Blanket ban on online wagering advertising a step too far
Responsible Wagering Australia (RWA) has called on the Government to take a balanced approach to the recommendations of the House Standing Committee on Social Policy and Legal Affairs report into online wagering as the recommendations reach well beyond community concern.
RWA CEO, Kai Cantwell, said the Committee’s recommendation to introduce a phased blanket ban on online wagering advertising fails to consider the evidence from the Committee hearings.
“RWA recognises community concerns around online wagering advertising and there are more effective ways of meeting community expectations,” Mr Cantwell said.
“Other more measured options which could be considered by the Government include capping the numbers of gambling ads to be shown.
“By doing this, the expectations of the community to see less advertising would be met, while also maintaining the crucial support to sporting codes and local broadcasters.
“RWA members, along with broadcasters and major sporting codes have publicly acknowledged that there is a growing desire in the community to see less gambling advertising.
“However, blanket bans – even in a phased roll out – are short sighted, ineffective and are not the answer.
“We know that strict changes – like blanket bans and banning inducements, such as bonus bets – often prove ineffective in addressing problem gambling, with Australians instead turning to illegal offshore markets as they seek out these options.
RWA members support the Committee’s renewed focus on cracking down on offshore providers but are concerned the Report ignores the key drivers that encourage people to gamble offshore, with 47 per cent of Australians who gamble having used offshore sites.
“The Report goes a long way in acknowledging the serious harm that illegal offshore wagering plays here,” Mr Cantwell said.
“RWA has consistently called for balanced measures which make it easier for Australians to avoid the offshore market, and ensure that wagerers know which sites are legal and safe to use.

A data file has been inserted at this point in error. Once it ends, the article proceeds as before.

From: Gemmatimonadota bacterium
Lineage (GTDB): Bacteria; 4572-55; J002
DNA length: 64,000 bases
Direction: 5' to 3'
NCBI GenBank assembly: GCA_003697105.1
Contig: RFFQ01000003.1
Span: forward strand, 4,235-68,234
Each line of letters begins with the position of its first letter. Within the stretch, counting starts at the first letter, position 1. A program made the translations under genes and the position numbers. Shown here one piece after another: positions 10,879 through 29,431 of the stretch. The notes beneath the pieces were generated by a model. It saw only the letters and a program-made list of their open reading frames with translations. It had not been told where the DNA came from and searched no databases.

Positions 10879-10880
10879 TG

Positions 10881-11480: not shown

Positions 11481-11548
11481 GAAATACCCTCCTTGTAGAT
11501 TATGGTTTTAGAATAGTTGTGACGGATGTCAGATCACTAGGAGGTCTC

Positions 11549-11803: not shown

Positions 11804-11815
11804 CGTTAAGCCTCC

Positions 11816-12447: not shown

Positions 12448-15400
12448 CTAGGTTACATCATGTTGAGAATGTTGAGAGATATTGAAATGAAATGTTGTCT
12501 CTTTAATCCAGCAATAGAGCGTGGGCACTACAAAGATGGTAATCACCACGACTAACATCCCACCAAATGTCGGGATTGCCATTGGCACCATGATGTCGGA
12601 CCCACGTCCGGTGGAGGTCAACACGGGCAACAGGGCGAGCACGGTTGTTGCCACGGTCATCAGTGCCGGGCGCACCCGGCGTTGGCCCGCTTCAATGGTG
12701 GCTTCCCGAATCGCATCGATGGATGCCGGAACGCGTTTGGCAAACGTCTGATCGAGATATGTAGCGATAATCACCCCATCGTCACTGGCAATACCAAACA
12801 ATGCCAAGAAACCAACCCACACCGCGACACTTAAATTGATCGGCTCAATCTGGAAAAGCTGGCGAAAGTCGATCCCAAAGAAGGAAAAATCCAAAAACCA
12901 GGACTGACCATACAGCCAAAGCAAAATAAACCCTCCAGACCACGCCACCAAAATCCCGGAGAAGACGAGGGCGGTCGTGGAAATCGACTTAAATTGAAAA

Already RWA members have implemented effective, targeted and data-driven solutions to protect children and vulnerable people, which are world leading and have been incorporated into national programs.
“By rolling out stronger customer ID verifications, working to remove the use of credit online, and implementing the National Consumer Protection Framework hand in hand with the Government, we have been on the front foot of consumer protections,” Mr Cantwell said.
“RWA has long been an advocate for national consistency and welcomes the Committee’s commitment to strengthen these requirements and to build a strong evidence base.
RWA members contributed approximately $6 billion into the Australian economy in 2022, including $1.9 billion in taxes which directly fund healthcare, education, and other vital services – unlike illegal offshore operators.
“As an industry body we will always consider sensible and measured reform,” Mr Cantwell said.
“We welcome the approach of Ministers Rowland and Rishworth and their willingness to work with the industry and all affected stakeholders and look forward to continuing to work with the Government in good faith on a balanced approach.
RWA will be considering their final position on the Committee’s recommendations and will continue to work with the Government to deliver the National Self Exclusion Register and the review of the National Consumer Protection Framework later this year, to inform further policy reform.